Skip To Content

    Emma Watson And J.K. Rowling Back Campaign For Statue Of Suffragette In Parliament Square

    Campaigners and celebrities are urging the new mayor of London, Sadiq Khan, to erect the statue to mark the centenary of women's suffrage.

    Yui Mok / PA WIRE

    Caroline Criado-Perez launched a petition calling for the statue.

    Stuart C. Wilson / Getty

    Anti-FGM activist Nimko Ali supports the campaign.

    Andrew Milligan / PA

    JK Rowling has backed the call.

    Feminist campaigners and a raft of celebrities, including Emma Watson and J.K. Rowling, today rallied together to urge the new mayor of London to install a statue of a suffragette in Parliament Square.

    Journalist Caroline Criado-Perez set up a petition urging Sadiq Khan to erect the statue by 2018 – in time to mark 100 years since women were first given the vote – after discovering there are 11 statues of men in and around the square, but no women.

    "This needs to change – and now is the time to start working on that," she wrote in an open letter. "The women who fought for our rights – the suffragettes – deserve to be commemorated in front of the building they were locked out of for centuries."

    Speaking to BuzzFeed News, Criado-Perez said: "The idea politics is adequately represented by men is outdated. For me it is about the message this sends out and it's unnecessary.

    "It's nearly two years until the centenary of the 1918 Representation of the People Act, and although not all women had the right to vote [after the act was passed] the argument that you could not vote simply for being a woman was disqualified."

    Last year, Criado-Perez was awarded an OBE for services to equality and diversity, including the successful campaign to get Jane Austen on the £10 note.

    When asked about the significance of a suffragette statue, she said: "I don't think a statue will change the world – but here is a thing that shouldn't be. This is the oldest centre of democracy and is populated by only men."

    Sir Winston Churchill, 19th-century British foreign secretary George Canning, and Nelson Mandela are among those represented by statues currently erected outside parliament.

    Astrid Stawiarz / Getty Images

    Actor Emma Watson speaks during International Women's Day at the Empire State Building, New York City, on 8 March 2016.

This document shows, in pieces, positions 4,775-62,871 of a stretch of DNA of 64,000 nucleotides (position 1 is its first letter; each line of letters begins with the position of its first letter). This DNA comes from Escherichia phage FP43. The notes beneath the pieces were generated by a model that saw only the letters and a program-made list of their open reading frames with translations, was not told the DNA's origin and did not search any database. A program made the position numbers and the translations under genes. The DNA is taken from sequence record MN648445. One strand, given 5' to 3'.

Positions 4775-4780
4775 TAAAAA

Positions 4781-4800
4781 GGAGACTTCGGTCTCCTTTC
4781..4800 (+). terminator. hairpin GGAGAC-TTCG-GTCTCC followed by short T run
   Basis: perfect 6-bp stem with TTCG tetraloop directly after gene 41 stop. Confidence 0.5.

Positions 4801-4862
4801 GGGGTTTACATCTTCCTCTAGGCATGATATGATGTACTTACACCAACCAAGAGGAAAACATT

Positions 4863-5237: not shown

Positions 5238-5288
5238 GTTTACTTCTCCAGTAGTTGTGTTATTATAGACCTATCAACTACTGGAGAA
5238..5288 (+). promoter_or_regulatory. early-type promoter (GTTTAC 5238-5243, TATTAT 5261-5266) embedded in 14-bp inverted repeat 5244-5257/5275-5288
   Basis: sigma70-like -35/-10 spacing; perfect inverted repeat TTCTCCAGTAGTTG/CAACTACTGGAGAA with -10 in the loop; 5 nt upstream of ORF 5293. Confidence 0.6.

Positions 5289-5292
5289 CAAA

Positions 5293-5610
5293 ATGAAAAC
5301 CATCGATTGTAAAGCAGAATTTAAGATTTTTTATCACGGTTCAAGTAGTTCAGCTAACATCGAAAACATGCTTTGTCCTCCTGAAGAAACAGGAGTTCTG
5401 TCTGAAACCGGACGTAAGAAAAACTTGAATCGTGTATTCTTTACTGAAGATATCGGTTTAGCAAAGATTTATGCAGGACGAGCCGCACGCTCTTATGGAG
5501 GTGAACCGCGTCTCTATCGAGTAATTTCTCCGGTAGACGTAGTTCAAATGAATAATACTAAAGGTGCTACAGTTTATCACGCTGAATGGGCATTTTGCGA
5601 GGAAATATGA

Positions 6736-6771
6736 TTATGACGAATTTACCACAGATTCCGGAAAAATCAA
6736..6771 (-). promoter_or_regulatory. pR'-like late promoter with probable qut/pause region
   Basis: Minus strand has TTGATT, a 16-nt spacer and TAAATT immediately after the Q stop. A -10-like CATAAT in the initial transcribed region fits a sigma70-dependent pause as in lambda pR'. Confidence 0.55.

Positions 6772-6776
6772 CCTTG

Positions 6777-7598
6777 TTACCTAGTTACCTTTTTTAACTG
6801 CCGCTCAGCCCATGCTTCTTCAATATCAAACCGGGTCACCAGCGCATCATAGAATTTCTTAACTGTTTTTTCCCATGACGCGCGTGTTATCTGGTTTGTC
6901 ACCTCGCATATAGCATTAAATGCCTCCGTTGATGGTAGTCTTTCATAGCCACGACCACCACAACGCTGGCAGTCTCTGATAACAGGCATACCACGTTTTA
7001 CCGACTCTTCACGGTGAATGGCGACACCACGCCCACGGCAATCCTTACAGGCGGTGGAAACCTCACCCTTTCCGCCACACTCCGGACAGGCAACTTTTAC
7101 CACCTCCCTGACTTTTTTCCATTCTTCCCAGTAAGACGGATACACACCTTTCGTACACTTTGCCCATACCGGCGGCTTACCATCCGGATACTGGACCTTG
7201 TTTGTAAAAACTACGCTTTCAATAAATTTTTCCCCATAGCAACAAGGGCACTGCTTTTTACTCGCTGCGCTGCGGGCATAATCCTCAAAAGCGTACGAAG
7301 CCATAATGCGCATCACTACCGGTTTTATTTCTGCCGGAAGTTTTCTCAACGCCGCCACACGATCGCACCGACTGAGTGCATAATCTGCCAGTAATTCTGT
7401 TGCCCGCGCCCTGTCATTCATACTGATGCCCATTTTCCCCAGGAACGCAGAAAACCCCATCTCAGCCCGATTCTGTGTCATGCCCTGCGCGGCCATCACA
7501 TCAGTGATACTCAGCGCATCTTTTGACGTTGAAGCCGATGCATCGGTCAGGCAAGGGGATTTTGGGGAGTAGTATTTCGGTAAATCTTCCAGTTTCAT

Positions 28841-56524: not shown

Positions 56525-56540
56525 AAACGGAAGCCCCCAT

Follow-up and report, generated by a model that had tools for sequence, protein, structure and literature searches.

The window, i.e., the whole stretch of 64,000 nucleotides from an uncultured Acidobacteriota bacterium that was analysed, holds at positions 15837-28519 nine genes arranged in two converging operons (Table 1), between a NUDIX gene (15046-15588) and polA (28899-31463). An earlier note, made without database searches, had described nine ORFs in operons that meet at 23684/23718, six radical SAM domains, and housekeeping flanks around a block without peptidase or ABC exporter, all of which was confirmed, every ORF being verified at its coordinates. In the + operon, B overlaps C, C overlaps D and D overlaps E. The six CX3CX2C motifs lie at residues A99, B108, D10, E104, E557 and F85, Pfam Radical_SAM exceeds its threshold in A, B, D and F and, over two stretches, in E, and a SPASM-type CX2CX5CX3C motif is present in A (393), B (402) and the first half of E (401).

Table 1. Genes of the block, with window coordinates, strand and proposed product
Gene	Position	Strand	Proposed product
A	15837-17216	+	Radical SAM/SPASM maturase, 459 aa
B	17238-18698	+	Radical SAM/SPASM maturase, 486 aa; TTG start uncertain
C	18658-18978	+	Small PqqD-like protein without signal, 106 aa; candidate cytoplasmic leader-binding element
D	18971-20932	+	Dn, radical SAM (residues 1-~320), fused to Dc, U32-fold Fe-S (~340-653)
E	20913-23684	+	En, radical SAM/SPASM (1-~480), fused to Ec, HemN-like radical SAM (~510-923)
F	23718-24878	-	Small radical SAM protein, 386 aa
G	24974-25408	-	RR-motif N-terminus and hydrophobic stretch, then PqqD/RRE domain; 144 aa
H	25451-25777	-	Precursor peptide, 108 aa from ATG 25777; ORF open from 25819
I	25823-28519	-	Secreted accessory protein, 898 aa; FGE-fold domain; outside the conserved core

Criado-Perez said the campaigners, whose letter is today published in The Telegraph, were not calling for a specific suffragette; rather, it was about the principle of having a symbol of women's representation.

    “That said, I would love a statue of Annie Kenney, a working-class woman who had these obstacles, to [stand] next to all these viscounts and Winston Churchill,” she said.

    She said campaigning for "political representation should be intersectional by default, regardless of ethnicity, race, and gender. Some people have suggested a group of women, which would be a challenge to the great history of one man. I'm totally open to any discussions of women we could have".

    Around 40 women have signed the letter supporting the campaign, including Suffragette screenwriter Abi Morgan, journalist Anita Anand, Green MP Caroline Lucas, and anti-FGM activist Nimko Ali.

    There have other calls for a statue of a suffragette, including a campaign for an image of Sylvia Pankhurst to be placed in Clerkenwell Green, Islington.

    The wonderful Maxine Peake is now a patron of the campaign to get a statue of Sylvia Pankhurst onto London streets

    Criado-Perez's petition was launched while Boris Johnson was still in City Hall and addressed to whoever would succeed him as London mayor. It already has nearly 65,000 signatures.

    "I'm absolutely delighted Sadiq Khan won and it seems like a no-brainer," she said. "He speaks about the representation of women and said in his manifesto he would 'be a proud feminist in City Hall',."

    Caroline Pidgeon, the Lib Dem leader on the London assembly, backed the campaign and said in a statement: "This petition quite rightly points out that we will soon mark the 100th anniversary of women winning the right to vote, although we should never forget that the franchise was only granted initially to some women. Quite incredibly men and women did not actually become equal under electoral law until 1928.

    "I have already been campaigning to ensure that the record of the famous suffragette Emily Davison is fully recognised and I would like to see her home and life in Blackheath in London fully recognised."

    Aisha Gani is a senior reporter for BuzzFeed News and is based in London.

    Contact Aisha Gani at

    Got a confidential tip? Submit it here